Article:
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And sure enough, they show the arrival of the river.

Now, what we've been doing is we've been going out and collecting bivalves from along our delta area, live bivalves, and then analyzing them. We're looking at their isotopic profiles. And sure enough, they show the arrival of the river. They show the influence of the fresh water and what's really neat is that the US Bureau of Reclamation of course keeps exact numbers on how much water they're releasing from those dams. So we know exactly how much water was flowing into the delta at that time, so again, we can equate the certain amount of isotopic variation with a given amount of fresh water flow.

This is a preliminary picture of the results we've been getting. We have more data points now. This is a comparison of the flow volumes that we've been calculating from the fossils versus the flow volumes the flow volumes recorded in that short historical period before Hoover Dam went up. And what's we'll notice and you'll see what additional data points are telling us, they form a pretty nice distribution of flows from very low, pretty non-existent to reasonably high.

However, as we continue to fill this in, the fossil flows are tending to fall into this region. What this is telling us is that on average, the historical record, the last 100 years in the Southwest United States has been on the really wet side. This is a conclusion that other paleoclimatologists, tree ring scientists and so on have already suggested on the basis of much shorter records. And what we're doing is we pushed this back to the 2,000 year mark now and we're tending to agree with them. So, basically our historical record, which is a record upon which we base all of our plans for development of the Southwest, our international agreements about how much water we keep in the United States and how much water goes to Mexico, is based on a biased sample of the distribution of flows from the Colorado River or a biased sample of the distribution of precipitation in the Southwest. This is, we think, a very significant finding and a reasonably unpopular one, also.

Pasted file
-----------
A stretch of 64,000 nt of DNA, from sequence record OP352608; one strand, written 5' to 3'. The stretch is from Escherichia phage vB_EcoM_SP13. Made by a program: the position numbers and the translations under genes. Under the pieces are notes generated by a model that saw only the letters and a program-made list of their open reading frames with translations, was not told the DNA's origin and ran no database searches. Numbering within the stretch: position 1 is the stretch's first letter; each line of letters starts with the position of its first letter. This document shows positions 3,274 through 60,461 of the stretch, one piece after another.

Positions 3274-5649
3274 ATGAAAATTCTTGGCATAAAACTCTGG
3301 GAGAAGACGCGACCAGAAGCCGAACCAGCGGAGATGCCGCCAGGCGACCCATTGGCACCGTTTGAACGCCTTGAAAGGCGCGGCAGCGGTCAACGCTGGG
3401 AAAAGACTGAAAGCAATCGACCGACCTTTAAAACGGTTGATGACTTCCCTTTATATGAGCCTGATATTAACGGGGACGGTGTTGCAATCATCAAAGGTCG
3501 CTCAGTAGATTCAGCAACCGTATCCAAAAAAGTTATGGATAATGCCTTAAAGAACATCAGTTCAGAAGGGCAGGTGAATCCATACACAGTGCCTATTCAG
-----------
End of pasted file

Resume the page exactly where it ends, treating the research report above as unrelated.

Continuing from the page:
What we're working on now is filling this in. These are all readings from the first 1,000 years. We have funding to go back to the previous 1,000 years. We don't think we can push it back much further because the amino acid aging method becomes quite inaccurate as you go back to 3,000 years or so. But perhaps we'll come up with an alternative way of doing that. Now, another aspect of this work is to ask what are the ecological implications of this picture. What are the ecological implications of this picture, what are the ecological implications of the turn off of the river?


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